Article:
The race starts in Bergamo and it moves to the south crossing the Bergamo’s plain in order to climb the Val Cavallina reaching Casazza where the route faces the first climb Colle Gallo (763m). Colle Gallo is followed by a fast slope which brings the athletes in the Val Seriana close to Bergamo. Here, the route becomes again flat and it leads in Brianza. Then, there is a short passage through Colle Brianza (533m) and it is followed by a slope leading to Pescate and Valmadrera. Moreover, the route moves to Oggiono crossing Pusiano and Assio. Then, a slope in Onno will lead to Bellagio where the Ghisallo (533m) climb begins. The  climb with a gradient of 14% presents a wide road and series of hairpin turns. The next slope is very fast and it implies a long straight road and it ends in Maglio where immediately starts the climb of the Colma di Sormano (1124m).There are few kilometers of middle incline and few hundred meters later starts the Muro of Sormano (2km with 15% incline) presenting a narrow and very steep road. In this part the race crosses a thicket with narrow hairpin turns and the road reaches gradients of 25% and 30%. Passed the Colma there is a slope (at the beginning it is a slight slope, then it is demanding with hairpin turns and narrow road) at Nesso where the race takes the coastal road to reach Como.  Then, the route implies the hard climb of the Civiglio (614m) with around 10% of gradient (notice that there is significant narrowing of the road on the top of the climb). Moreover, the race will descend and cross Como to take the last short climb at the bottom of San Fermo della Battaglia. There are two fixed feed zones: the first one in San Sosimo (km 92 – 95) and the second one in Onno (km 163 – 166).


The last 10 kilometers starting inside the residential area of Como present large roads until the underpass where it begins the 1500m final short ramp of 5% incline. Reached the roundabout in Largo Ceresio it begins the last 3 km and the slope bringing to Lungo Lario.

The slope presents a wide road well paved and meets two well illuminated tunnels and two roundabouts. It ends at the last km. At 600m from the arrival there is the last wide turn on the left. The arrival is on asphalt and the width of the road is around 7m.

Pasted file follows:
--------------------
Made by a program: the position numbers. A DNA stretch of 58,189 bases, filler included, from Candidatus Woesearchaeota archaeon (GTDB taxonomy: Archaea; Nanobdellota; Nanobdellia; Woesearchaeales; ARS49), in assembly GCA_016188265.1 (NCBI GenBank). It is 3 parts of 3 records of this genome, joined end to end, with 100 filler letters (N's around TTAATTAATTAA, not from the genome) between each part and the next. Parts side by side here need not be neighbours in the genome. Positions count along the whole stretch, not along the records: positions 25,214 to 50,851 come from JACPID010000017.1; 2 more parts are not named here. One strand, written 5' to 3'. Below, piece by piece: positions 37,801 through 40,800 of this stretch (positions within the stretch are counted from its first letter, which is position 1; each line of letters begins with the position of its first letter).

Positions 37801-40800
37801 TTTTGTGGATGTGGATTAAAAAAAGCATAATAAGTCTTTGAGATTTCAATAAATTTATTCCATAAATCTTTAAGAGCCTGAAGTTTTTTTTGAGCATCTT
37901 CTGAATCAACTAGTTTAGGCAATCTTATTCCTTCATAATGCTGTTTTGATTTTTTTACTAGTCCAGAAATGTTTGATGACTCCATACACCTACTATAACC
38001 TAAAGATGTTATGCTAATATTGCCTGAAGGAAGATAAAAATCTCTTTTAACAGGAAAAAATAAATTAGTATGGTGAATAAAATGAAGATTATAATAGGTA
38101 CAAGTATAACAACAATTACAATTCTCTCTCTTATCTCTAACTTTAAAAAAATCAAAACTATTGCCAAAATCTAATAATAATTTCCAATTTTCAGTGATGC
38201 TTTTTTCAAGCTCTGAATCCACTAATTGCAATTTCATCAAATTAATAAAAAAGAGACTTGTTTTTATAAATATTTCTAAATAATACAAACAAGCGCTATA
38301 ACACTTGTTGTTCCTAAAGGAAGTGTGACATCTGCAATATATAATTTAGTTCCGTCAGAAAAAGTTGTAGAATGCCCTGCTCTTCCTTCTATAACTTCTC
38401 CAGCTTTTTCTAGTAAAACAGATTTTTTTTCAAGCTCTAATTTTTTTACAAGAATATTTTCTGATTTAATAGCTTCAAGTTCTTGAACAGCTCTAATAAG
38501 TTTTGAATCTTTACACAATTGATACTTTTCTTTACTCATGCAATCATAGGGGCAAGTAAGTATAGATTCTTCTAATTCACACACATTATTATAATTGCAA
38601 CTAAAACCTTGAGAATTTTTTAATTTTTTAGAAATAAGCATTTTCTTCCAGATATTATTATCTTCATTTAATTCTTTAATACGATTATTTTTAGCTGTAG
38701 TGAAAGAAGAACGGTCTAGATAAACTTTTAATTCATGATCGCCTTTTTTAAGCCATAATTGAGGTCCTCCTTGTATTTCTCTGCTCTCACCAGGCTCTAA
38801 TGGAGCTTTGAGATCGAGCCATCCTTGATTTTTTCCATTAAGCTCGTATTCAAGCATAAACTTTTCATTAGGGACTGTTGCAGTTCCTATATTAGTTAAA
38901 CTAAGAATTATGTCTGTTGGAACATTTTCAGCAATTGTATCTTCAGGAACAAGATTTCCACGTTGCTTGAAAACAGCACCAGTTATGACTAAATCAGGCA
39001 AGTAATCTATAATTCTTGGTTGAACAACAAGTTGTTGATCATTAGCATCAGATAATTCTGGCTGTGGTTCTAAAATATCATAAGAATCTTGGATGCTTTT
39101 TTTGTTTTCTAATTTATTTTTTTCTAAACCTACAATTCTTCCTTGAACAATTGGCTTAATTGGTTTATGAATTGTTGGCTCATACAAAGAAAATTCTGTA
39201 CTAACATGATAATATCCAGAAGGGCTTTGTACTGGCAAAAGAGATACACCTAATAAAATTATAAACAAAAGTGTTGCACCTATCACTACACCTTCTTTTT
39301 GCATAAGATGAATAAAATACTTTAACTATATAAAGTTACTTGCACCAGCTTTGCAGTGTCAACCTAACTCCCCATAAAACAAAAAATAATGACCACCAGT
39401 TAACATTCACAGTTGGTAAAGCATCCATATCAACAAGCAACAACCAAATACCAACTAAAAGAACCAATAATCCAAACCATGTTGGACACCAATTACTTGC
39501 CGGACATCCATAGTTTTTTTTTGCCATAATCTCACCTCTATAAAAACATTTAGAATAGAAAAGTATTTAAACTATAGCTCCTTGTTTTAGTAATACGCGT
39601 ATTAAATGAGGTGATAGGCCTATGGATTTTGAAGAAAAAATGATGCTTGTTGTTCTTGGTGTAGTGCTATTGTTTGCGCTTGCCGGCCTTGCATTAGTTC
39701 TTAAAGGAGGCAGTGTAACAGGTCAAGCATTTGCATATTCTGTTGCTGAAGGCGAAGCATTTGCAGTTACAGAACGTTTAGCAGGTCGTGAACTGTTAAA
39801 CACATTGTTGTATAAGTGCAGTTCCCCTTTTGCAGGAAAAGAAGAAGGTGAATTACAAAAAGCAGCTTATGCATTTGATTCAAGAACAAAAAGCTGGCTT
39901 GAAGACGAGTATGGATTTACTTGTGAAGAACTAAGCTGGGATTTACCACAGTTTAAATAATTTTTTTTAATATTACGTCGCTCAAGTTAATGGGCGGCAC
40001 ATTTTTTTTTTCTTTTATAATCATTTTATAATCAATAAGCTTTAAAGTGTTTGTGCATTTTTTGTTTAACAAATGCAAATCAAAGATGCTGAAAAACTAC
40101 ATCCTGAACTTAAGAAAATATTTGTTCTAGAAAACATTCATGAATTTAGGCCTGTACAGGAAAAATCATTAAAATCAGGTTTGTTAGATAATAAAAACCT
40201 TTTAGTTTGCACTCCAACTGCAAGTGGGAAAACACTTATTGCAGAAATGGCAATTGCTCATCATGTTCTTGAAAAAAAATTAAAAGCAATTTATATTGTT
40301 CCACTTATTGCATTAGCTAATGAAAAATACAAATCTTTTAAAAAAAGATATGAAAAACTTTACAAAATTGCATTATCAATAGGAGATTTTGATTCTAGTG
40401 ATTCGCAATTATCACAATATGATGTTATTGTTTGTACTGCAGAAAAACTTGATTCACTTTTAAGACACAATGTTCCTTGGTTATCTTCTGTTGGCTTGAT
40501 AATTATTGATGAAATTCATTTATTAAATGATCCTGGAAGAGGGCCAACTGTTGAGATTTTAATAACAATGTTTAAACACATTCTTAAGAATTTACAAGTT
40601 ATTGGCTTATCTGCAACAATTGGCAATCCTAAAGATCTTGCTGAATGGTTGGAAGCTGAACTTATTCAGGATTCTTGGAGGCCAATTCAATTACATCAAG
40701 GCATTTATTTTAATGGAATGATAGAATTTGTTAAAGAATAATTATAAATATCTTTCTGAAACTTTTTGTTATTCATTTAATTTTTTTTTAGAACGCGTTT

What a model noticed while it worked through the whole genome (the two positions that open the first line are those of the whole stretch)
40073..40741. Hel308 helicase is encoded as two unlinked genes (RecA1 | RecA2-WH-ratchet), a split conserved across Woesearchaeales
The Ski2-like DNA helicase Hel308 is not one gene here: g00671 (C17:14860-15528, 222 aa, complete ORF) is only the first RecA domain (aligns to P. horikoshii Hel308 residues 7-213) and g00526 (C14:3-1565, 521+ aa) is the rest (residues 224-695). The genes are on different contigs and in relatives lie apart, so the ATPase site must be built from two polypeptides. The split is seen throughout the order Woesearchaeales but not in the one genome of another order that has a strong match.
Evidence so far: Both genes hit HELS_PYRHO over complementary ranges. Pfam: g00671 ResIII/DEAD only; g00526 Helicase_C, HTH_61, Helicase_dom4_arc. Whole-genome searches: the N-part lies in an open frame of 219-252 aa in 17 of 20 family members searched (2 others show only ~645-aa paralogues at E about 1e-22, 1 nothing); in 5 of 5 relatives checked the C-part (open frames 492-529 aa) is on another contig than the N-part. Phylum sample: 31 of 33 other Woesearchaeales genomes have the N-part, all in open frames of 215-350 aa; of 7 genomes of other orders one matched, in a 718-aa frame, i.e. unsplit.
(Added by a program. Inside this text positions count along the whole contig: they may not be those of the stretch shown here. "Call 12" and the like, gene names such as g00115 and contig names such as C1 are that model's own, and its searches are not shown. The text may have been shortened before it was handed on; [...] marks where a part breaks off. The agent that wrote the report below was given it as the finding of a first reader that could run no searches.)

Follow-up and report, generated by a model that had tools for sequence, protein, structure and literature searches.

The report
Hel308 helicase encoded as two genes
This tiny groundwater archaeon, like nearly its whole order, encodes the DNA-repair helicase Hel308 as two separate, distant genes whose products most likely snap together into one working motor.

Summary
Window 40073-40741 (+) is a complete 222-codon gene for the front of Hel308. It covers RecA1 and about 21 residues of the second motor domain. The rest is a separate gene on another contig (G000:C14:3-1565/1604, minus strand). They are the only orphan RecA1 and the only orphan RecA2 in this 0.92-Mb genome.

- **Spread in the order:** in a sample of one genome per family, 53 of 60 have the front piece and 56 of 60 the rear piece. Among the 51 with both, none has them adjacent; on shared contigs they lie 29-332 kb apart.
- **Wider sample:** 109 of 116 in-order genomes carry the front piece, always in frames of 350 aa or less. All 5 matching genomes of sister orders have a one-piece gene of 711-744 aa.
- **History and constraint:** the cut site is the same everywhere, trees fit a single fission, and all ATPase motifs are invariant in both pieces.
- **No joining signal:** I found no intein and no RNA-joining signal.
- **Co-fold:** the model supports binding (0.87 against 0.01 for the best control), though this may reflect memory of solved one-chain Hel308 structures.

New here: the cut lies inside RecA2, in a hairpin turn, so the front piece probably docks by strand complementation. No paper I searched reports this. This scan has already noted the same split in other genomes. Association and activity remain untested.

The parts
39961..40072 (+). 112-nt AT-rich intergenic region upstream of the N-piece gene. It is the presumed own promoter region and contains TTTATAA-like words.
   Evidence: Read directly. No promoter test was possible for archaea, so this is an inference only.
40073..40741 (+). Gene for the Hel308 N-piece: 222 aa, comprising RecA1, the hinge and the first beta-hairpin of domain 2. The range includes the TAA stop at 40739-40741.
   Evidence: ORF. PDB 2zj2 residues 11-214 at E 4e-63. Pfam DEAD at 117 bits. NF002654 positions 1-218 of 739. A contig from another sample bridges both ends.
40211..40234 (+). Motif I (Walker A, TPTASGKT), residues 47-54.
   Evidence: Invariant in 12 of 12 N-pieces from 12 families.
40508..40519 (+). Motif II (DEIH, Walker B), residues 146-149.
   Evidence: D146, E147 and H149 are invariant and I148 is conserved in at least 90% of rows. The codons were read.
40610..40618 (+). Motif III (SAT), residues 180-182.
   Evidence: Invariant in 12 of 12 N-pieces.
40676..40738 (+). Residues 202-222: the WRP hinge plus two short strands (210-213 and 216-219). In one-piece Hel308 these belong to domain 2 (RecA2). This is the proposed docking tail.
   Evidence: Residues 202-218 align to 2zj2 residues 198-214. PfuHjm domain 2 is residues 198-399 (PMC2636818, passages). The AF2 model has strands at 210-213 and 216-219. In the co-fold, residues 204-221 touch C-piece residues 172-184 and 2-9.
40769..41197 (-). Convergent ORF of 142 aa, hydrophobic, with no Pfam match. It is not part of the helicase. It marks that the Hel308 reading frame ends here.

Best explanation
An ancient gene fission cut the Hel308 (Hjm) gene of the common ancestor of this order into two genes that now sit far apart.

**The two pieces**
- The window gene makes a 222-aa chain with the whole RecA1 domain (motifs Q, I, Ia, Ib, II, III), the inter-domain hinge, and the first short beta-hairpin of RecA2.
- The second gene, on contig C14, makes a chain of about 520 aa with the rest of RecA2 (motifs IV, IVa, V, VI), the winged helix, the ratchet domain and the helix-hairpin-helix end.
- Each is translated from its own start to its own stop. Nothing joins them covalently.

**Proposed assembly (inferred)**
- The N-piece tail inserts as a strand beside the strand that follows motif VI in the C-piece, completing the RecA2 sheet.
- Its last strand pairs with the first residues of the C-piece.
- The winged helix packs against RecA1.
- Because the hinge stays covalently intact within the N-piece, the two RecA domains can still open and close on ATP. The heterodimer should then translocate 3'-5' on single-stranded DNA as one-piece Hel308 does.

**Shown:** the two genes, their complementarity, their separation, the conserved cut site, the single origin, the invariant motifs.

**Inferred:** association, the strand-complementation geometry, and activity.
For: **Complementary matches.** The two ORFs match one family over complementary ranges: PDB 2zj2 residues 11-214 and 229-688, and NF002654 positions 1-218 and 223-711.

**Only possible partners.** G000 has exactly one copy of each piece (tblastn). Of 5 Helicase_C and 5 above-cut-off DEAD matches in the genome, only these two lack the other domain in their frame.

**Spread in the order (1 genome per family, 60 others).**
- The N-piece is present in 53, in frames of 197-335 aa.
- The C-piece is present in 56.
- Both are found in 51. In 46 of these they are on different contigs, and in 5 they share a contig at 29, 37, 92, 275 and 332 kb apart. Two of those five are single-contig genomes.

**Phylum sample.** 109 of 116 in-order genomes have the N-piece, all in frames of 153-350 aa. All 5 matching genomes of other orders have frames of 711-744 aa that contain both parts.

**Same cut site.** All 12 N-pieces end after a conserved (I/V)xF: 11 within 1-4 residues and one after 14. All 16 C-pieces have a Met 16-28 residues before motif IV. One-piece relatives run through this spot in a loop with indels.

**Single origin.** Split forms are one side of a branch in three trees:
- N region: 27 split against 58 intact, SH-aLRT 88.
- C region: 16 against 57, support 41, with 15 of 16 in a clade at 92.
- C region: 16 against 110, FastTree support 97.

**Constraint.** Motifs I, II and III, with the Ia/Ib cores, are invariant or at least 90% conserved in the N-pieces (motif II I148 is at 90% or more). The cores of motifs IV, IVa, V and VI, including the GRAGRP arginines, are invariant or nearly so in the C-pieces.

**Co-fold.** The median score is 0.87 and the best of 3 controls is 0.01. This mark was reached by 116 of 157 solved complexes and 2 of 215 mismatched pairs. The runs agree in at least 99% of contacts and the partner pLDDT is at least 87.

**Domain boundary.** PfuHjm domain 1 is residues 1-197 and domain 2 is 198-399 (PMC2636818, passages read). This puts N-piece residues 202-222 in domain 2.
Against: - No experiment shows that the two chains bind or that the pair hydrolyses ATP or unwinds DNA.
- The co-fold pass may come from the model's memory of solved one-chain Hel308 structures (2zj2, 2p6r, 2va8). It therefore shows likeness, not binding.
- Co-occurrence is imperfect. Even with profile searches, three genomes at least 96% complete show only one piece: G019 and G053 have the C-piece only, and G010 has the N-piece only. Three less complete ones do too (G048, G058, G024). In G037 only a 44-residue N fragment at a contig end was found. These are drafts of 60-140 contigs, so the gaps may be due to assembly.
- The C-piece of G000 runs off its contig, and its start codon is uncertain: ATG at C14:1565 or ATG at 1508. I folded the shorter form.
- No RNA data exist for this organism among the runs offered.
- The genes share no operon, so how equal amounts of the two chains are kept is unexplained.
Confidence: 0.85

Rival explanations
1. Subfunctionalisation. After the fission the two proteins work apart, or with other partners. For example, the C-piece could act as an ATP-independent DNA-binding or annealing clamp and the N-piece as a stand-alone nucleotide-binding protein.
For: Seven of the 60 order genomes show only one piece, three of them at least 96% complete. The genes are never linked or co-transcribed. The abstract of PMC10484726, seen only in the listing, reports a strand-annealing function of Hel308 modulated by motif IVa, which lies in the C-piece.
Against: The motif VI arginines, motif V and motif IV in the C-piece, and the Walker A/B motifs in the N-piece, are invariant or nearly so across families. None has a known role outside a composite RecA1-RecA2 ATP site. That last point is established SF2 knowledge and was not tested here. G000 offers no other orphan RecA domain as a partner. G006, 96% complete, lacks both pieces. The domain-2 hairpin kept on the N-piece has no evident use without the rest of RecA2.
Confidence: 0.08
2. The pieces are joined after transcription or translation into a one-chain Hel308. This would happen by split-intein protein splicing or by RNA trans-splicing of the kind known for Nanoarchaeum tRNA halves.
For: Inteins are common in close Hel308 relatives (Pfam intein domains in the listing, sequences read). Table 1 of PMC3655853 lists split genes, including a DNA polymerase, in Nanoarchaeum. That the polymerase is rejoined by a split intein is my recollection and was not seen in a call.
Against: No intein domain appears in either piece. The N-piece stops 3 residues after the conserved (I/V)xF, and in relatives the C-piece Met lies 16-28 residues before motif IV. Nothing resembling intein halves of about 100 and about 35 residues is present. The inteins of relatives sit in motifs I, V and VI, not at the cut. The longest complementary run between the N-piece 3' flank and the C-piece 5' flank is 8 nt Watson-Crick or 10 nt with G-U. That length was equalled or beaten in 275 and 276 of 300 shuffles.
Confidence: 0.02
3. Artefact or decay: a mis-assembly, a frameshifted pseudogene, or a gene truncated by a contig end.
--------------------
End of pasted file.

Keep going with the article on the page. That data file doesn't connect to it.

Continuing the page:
The city of the “Thousand”, hence named after the many volunteer soldiers that committed to the cause of Italian Unification, led by Garibaldi, is divided into Bergamo Alta (the upper town), namely the historical district, and Bergamo Bassa (the lower town). The upper town (Città Alta) is one of the few towns in Italy whose centre is still entirely surrounded by walls. Piazza Vecchia is the heart of the city; main sights include the Contarini fountain, Palazzo della Ragione and the civic tower (Torre Civica). Major landmarks also include the Colleoni Chapel, one of the many monuments in Bergamo dedicated to Bartolomeo Colleoni, a famous warlord who was born in Solza, on the bank of the Adda River. By the end of his career, he had become captain-general of the Army of Venice. This was a land of warlords and a land of Popes too, with John XXIII, known as “the Good Pope”, who was born in Sotto il Monte, nearby. A number of characters of Italian Comedy are “native” to this area, too, the most famous of which being Arlecchino (Harlequin) and Gioppino. Bergamo was hometown to many football stars (both the former coach of the Italian national team Donadoni and Giacinto Facchetti were born here) and cycling champions such as Felice Gimondi – Tour de France, Giro d’Italia and Vuelta a España winner – and Paolo Savoldelli, an unstoppable downhill racer, dubbed the “hawk from Bergamo” (who was born in Clusone, nearby). Ivan Gotti and Beppe “Turbo” Guerini, both of whom scored major achievements in top races, were native to the area, too.


Celebrated by Manzoni, Byron and Stendhal, Lake Como is considered as one of the most beautiful lakes in the world. Nowadays a major tourist destination, also for Hollywood celebrities such as George Clooney, the city and its surroundings are a major pole in the Italian silk manufacturing chain. Historically, it was the third city in Italy receiving a medal of honour for its contribution to Italian Unification, with reference to the battle of San Fermo in which Garibaldi led the Hunter of the Alps (Cacciatori delle Alpi) corps to defeat the Austrian forces, thus defending the city of Como. The city centre overlooks the lake of the same name. Rising in the historical district is the Cathedral of Santa Maria Assunta, the city’s Duomo, one of the major cathedrals in Italy. Its dome was designed by Sicilian architect Filippo Juvarra. Every day, a cannon shot is fired at 12:00, marking noon for all the citizens. The shot can be heard throughout the city centre and the urban area. Main events include the traditional Sant’Abbondio festival, dedicated to the patron saint and celebrated every year on August 31, as well as the evocative Sagra di San Giovanni Battista. The latter is a historical re-enactment of the Mediaeval wars that were fought on Lake Como, which features a magnificent fireworks display and a lake cruise that sets sail in Como and takes passengers on a journey with live music and dancing. Como has hosted six Giro d’Italia stage finishes, and it was finish city for the “Il Lombardia presented by NAMEDSPORT” classic several times. This year, conversely, the “classic of the falling leaves” will be starting here, as it has only done twice before.